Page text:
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[at-l] Social Security (Off Topic) Internet MYTH!
- Subject: [at-l] Social Security (Off Topic) Internet MYTH!
- From: jbullar1 at twcny.rr.com (Jim Bullard)
- Date: Sun Apr 17 13:24:29 2005
- In-reply-to: <firstname.lastname@example.org>
At 03:25 PM 4/16/2005 -0400, Bror8588@aol.com wrote:
>GET A BILL STARTED TO PLACE ALL POLITICIANS ON SOC. SEC.
>This must be an issue in "2008". Please! Keep it going.
>(This is worth reading. It is short and to the point.)
>Perhaps we are asking the wrong questions during election years.
>Our Senators and Congresswomen do not pay into Social Security and, of
>course, they do not collect from it.
>You see, Social Security benefits were not suitable for persons of their
>rare elevation in society. They felt they should have a special plan for
>themselves. So, many years ago they voted in their
>own benefit plan.
>In more recent years, no congressperson has felt the need to change it.
>After all, it is a great plan.
>For all practical purposes their plan works like this:
>When they retire, even if they only had one term in office and did nothing,
>they continue to draw the same pay until they die.
>Except it may increase from time to time for cost of living adjustments.
TOTALLY FALSE! This is an Internet MYTH! From the Congressional Institute:
>Congressional Myths and Misconceptions:
>Answers for common questions about your Representatives and Senators
>What kinds of benefits do Members receive?
>The public is frequently misled and misinformed about this question, in
>part due to confusion over the variety of current arrangements still in
>effect. Unfounded allegations of lavish pensions being awarded for only a
>few years of service and of huge annuities paid to spouses and widows have
>contributed to creating the misconception that Members receive benefits
>far beyond those that are accessible to most Americans.
>All Members are eligible to participate in the standard Federal employee
>health and life insurance coverage options under the Federal Employees
>Health Benefits Program and the Federal Employees Group Life Insurance Program.
>The retirement benefits of Members can be much more confusing. All
>Members, like other working citizens, are required to participate in
>Social Security, paying 6.2% on the first $87,900 of their wages (the cap
>currently set for all worker earnings) and an additional 1.45% on all
>earnings for Medicare.
> From here, Congressional benefits get more complicated. An old program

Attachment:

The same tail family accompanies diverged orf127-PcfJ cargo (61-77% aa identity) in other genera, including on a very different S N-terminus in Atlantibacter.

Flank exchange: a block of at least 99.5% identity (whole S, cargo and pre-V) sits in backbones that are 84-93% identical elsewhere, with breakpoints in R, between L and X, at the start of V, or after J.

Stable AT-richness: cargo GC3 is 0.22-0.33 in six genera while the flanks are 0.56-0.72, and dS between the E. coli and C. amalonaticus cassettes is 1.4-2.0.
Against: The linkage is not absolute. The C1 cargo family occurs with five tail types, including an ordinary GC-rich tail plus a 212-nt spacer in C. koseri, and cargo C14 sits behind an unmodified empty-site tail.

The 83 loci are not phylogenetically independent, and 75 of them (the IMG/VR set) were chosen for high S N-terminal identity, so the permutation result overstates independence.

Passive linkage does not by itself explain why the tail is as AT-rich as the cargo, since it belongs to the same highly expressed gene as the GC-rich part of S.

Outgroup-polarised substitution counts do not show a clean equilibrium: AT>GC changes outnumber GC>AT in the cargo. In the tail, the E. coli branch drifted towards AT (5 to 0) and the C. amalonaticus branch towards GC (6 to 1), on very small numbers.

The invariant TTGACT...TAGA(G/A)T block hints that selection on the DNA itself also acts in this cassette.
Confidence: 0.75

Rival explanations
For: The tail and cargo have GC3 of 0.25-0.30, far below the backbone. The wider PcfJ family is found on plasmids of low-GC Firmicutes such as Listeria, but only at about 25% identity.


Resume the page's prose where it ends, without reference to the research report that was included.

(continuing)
> dating from 1920 for providing pensions to civil servants, the Civil
> Service Retirement System (CSRS) is still in effect for Members who first
> took office before 1984. The system was designed to provide pensions for
> officials who could be serving for a relatively limited period of time
> compared to other workers due to constantly changing political
> appointments and election results. Members still covered by the CSRS pay
> 8% of their earnings to the system, a contribution that is matched by the
> Congress. This is in addition to the 6.2% they pay on their first $87,900
> to Social Security. If a Member chooses to combine their CSRS coverage
> with Social Security, they pay 6.2% to Social Security and 1.8% to CSRS
> on the first $87,000 and 8% on everything over that. The average pension
> paid out in 2002 for CSRS was $55,788 to a total of 340 retired Members.
>In 1987, the CSRS was phased out and replaced with the Federal Employee's
>Retirement System (FERS). FERS was designed to work with Social Security
>to provide pensions for all Federal employees and requires Members to pay
>the standard 6.2% to Social Security, and an additional 1.3% on their
>first $87,900 and 1.3% on all income over that to FERS. A major innovation
>that came with FERS was the Thrift Savings Plan, which functions similarly
>to a 401(k) account and allows Members to contribute up to 14% of their
>pay (depending on IRS limits), a sum that is matched up to 5% of the
>salary by the employer.
>The actual amount a retiring Member receives per year is based on a
>formula that evaluates their years of service, highest salaries, and a
>benefits accrual rate.* The exact number varies widely from person to
>person depending on how long they worked in Congress and how they chose to
>plan for their retirement. The average retired Member in 2002 who had used
>the FERS system while in office had served for served 18.7 years and
>receives $41,856 annually. Those who had retired under the older CSRS
>system averaged 20 years of service and a retirement of $55,788 per year
>* FERS formula, as of 2004:
>[ (3-year average high salary) * .017 * (years of service through 20)] + [
>(3-year high salary average) * .01 * (years of service over 20) ] = Annual